Flourishing in the First Five Years Excerpt

Brief Table of Contents


Chapter 1  Challenges and Opportunities in 21st Century Schooling

Chapter 2  BIG IDEA 1: Implications of Neural Plasticity for Learning and Teaching

Chapter 3  BIG IDEA 2: Recognizing Human Potential

Chapter 4  BIG IDEA 3: Understanding Intelligence

Chapter 5  BIG IDEA 4: The Body-Brain System at Work for Learning

Chapter 6  BIG IDEA 5: Metacognition as a Path to Becoming Functionally Smarter

Chapter 7  Teaching, Learning, and Neuroeducation Myth Busting

Chapter 8  Your Journey of Learning and Teaching


Excerpt from Chapter 4, “BIG IDEA 3: Understanding Intelligence”

While there are many different views on and definitions of intelligence, both among the general public and psychologists, perhaps the most useful view for educators is the idea that intelligence can be changed and shaped based on one’s environment and experiences. After all, teachers are in the classroom to help students learn—why engage in a complex endeavor like teaching unless you believe that your efforts can and will make a positive difference?

As we look back on the preceding three chapters and consider our exploration of plasticity, potential, and intelligence, we can see that a solid foundation is emerging for approaching the rewarding and difficult work of teaching. We have learned that research supports the idea that people can learn new things across the life span—meaning that both students and teachers can expect to grow and develop through experience and hard work. Potential and intelligence are not fixed at birth; genetics play a role in everyone’s development, but genes do not determine what a person can ultimately accomplish. The concept of experience-dependent synaptogenesis suggests that people learn and develop based on their environment and the experiences they have in life.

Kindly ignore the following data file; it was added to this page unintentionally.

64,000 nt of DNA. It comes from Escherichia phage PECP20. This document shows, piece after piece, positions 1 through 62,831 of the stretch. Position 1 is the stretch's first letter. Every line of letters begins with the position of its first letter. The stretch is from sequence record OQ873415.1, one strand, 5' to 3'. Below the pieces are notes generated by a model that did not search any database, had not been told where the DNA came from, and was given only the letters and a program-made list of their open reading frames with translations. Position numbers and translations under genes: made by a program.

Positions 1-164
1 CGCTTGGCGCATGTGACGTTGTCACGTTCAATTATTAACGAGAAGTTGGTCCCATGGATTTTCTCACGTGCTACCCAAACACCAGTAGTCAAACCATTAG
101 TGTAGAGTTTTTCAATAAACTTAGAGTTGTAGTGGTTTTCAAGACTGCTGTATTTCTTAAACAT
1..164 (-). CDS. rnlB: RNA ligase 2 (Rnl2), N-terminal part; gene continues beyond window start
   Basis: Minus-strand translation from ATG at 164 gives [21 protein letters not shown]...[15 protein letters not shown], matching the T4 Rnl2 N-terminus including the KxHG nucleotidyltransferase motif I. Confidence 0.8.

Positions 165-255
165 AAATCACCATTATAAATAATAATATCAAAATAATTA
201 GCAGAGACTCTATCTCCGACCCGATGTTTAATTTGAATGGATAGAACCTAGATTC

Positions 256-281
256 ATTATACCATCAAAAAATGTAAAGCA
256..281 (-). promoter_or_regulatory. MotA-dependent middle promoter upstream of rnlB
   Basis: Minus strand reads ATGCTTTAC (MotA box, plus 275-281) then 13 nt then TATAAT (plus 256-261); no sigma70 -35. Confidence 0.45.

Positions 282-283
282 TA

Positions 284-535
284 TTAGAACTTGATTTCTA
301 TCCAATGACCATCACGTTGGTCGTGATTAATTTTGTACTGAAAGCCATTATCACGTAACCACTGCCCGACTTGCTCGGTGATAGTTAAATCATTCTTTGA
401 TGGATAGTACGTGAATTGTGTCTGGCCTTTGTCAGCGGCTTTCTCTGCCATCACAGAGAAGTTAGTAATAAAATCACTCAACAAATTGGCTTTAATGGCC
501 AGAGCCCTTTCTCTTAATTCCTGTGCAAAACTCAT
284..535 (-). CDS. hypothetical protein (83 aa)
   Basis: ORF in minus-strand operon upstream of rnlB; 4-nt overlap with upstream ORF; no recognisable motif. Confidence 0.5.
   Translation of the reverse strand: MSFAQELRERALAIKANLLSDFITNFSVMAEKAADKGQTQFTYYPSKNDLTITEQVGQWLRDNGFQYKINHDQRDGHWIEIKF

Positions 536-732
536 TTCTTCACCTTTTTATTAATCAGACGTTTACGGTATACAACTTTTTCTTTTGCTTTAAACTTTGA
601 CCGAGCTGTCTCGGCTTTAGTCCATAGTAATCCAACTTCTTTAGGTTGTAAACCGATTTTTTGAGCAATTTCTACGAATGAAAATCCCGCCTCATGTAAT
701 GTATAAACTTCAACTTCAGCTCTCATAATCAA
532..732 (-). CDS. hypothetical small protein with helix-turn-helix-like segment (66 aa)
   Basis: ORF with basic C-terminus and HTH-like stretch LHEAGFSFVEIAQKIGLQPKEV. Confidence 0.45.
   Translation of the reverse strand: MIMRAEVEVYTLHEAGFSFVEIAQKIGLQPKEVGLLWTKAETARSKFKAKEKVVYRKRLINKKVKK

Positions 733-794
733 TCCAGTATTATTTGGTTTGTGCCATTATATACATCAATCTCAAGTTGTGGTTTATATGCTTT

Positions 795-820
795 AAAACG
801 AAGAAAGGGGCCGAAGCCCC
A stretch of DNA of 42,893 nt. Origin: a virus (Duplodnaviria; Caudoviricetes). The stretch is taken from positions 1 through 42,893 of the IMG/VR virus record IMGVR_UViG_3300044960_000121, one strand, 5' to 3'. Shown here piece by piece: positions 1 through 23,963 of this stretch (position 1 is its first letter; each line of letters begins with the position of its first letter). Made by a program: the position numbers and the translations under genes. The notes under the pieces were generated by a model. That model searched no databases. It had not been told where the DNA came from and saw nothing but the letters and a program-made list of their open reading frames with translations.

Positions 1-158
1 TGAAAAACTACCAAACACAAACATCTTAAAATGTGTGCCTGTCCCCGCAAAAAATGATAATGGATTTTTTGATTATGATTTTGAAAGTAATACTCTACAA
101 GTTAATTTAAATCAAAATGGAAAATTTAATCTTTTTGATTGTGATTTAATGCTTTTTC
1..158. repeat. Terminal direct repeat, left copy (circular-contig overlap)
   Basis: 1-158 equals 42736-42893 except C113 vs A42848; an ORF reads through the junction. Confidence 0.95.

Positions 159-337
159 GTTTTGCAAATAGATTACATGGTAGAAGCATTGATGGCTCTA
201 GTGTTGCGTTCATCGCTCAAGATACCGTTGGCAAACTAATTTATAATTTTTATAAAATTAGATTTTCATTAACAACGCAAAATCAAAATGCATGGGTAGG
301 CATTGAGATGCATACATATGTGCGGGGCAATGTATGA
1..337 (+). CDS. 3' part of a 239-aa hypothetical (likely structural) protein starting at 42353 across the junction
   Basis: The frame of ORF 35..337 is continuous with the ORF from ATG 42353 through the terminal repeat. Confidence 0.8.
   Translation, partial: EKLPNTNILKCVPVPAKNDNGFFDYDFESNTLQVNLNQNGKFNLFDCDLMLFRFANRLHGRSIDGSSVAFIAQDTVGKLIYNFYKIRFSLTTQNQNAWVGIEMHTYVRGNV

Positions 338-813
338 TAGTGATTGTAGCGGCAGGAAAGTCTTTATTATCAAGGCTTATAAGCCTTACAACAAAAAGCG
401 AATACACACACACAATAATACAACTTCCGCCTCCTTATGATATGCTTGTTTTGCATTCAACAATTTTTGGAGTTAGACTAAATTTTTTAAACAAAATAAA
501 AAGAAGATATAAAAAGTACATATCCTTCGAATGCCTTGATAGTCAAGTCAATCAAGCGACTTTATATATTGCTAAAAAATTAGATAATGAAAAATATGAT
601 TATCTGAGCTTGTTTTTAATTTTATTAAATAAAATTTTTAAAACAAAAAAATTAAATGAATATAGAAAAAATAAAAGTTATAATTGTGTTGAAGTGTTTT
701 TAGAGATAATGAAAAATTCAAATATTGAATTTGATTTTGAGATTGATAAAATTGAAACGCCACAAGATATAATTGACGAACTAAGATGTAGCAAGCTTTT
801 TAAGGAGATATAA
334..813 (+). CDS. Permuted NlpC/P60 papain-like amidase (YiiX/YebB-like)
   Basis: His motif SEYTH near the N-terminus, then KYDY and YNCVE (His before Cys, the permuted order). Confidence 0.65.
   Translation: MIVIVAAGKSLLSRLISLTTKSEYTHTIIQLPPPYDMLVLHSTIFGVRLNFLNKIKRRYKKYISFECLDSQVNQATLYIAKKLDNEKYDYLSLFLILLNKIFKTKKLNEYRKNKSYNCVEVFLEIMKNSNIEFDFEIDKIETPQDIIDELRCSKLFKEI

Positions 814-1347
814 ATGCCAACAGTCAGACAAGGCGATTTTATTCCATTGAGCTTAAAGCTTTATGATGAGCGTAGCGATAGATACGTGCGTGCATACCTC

These findings underscore the importance of a safe, nurturing classroom environment in which all students have the opportunity to fulfill their potential and increase their intelligence. The ability of any individual to grow in intelligence, or “get smarter,” makes it clear that educators have both an enormous responsibility and an excellent reason to believe they can help all students learn. Instruction in thinking skills as well as content is critical for students to become lifelong learners and engaged citizens in today’s world …

©Copyright Donna Wilson. 2013. All Rights Reserved.
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